Interactive Learning


Teachers far and wide are embracing the gadgets and gizmos that their students love so much and using them in lessons. We find out more about how you can get involved…

From their iPhones and tablet computers to Facebook and BBM, asking a student to give up their favourite technological outlets is the teenage equivalent of requesting that they hand over a kidney. Stats released in 2011 also showed that teens are ditching traditional methods of entertainment, like watching TV and reading, in favour of spending time with their smart phone.

There’s no doubt about it – technology has a huge impact on the way in which teenagers communicate, entertain themselves and even learn. Recent research from the University of Oxford showed that any perceived risks of internet use for youngsters are far outweighed by the benefits. According to the study, teens who don’t have access to the web at home feel ‘educationally disadvantaged’.


With technology playing such a large part in youngsters’ lives, it comes as no surprise that teachers are bringing technology into the classroom. But when you’re a generation away from 24/7 technology, the idea of stepping away from the white board towards a computer screen can be daunting. However, it doesn’t have to be. From smart boards to iPads, social media to handy revision sites, ICT is a lot more accessible, and easier to use, than you’d think.

Scotland’s education system has long recognised the benefits of technology in learning. Scotland is the first country to have a nationwide online community for education in the form of Glow. While Glow has been met with some criticism, Education Scotland is constantly working to improve its functionality. On Glow, you can upload study notes, homework reminders, interesting videos and links to revision sites. You can also exchange ideas with other practitioners across the country through forums and message boards, as well as discussing the latest initiatives.

Education Scotland’s section on iTunes U is a great resource, playing home to audio and video files which can be used in education – just download iTunes to your computer to gain access. Twig, accessible through Glow, is another fantastic find, offering educational videos for maths, science and geography which can help demonstrate learning outcomes or be used for revision purposes.


Of course, it’s not just about traditional laptop and desktop computers that furnish school ICT classrooms and libraries. More schools are purchasing tablet computers, such as iPads, for use in class too. In the eyes of pupils, using an iPad beats traditional pen and paper, especially for students who don’t have access to them at home. You can use download a range of applications, or apps, for use on tablets, from programmes which explain science experiments to grammar quizzes. Simple games can have educational benefits too, helping kids’ problem-solving and reasoning skills. Many apps are available free of charge too, meaning you don’t have to worry about departmental budgets.

This doesn’t have to be limited to the classroom. There are lots of fantastic apps out there for android and iOS (Apple) devices which can help students study and organise their workload at home on their own devices. Get your hands on a smart phone or tablet and have a look around the iTunes app store or Android marketplace to see what’s out there, and have play about with the many apps on offer. Whether it’s a Spanish verb tester, capital city quiz or study timetable generator, there are lots of handy tools available which students can use to revise in a fun and interactive way – a great supplement to the pages of notes they’ll have accumulated over the year. Once you’ve found the best ones, put together a recommendation list for your pupils.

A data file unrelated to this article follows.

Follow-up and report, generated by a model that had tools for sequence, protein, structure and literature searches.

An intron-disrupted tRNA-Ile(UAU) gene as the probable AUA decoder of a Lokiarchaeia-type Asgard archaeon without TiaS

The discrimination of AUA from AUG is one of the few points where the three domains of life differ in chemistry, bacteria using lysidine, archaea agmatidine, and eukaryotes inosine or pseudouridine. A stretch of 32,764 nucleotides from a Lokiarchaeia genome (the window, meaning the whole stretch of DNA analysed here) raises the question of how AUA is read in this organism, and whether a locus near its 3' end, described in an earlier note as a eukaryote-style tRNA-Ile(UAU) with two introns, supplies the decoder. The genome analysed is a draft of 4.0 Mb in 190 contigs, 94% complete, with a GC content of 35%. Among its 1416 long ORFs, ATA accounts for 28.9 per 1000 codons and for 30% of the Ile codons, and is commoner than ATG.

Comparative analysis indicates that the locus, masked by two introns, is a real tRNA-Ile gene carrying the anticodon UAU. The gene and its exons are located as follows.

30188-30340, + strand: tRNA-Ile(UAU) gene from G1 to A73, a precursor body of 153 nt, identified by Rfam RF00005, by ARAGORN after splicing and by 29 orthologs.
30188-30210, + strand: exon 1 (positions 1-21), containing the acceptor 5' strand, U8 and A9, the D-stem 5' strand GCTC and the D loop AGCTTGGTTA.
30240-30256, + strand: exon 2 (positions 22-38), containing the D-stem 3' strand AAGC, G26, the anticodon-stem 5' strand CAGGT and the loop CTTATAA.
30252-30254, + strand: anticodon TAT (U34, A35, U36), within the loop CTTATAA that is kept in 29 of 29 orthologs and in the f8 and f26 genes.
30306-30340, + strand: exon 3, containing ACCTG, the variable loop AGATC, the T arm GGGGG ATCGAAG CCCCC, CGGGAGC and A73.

Your students might be more inclined to download to latest podcast from Nick Grimshaw on Radio 1, but have you ever thought about creating your own for studying purproses? Podcasts – audio files which are a bit like downloadable, pre-recorded radio shows – offer a great platform to provide audio revision notes for pupils. All you need is a laptop with a microphone and audio software (you can download something like Audible for free) and you’re free to start recording short audio files covering different units, modules and topics. This is something you can do yourself, or encourage your students to create their own. You can then upload the files to Glow, ready to be downloaded and put onto iPhones, iPods and MP3 players for students to listen to as they study. Study podcasts can be great memory joggers, and mixing up study methods can help student’s retain information. Check out CPD opportunities in your area to find out more about podcasting.


A number of schools are embracing social media too, to communicate with pupils. A Twitter feed or Facebook page for the school can offer a great platform for keeping pupils – and their parents – in the loop with everything from exam dates to holidays. The phrase, “I forgot…” could soon be a thing of the past with a class-specific Twitter feed for homework reminders and fun facts! Check out the General Teaching Council guidelines for advice on social media use to make sure that you use your outlets appropriately.

Loretto School, a private boarding school in Edinburgh, has commissioned its own app to keep parents and pupils up to date with what’s going on in the school, from exam dates to school plays and sports matches. This is a slightly more costly option, but it will be a hit with busy parents and tech-savvy students alike.

This is just a taster of how technology can transform your teaching – there are plenty more techniques out there for you to try, and dozens of courses which explain how you can use them. Get in touch with your local authority to find out more about techy CPD opportunities in your area.


Education Scotland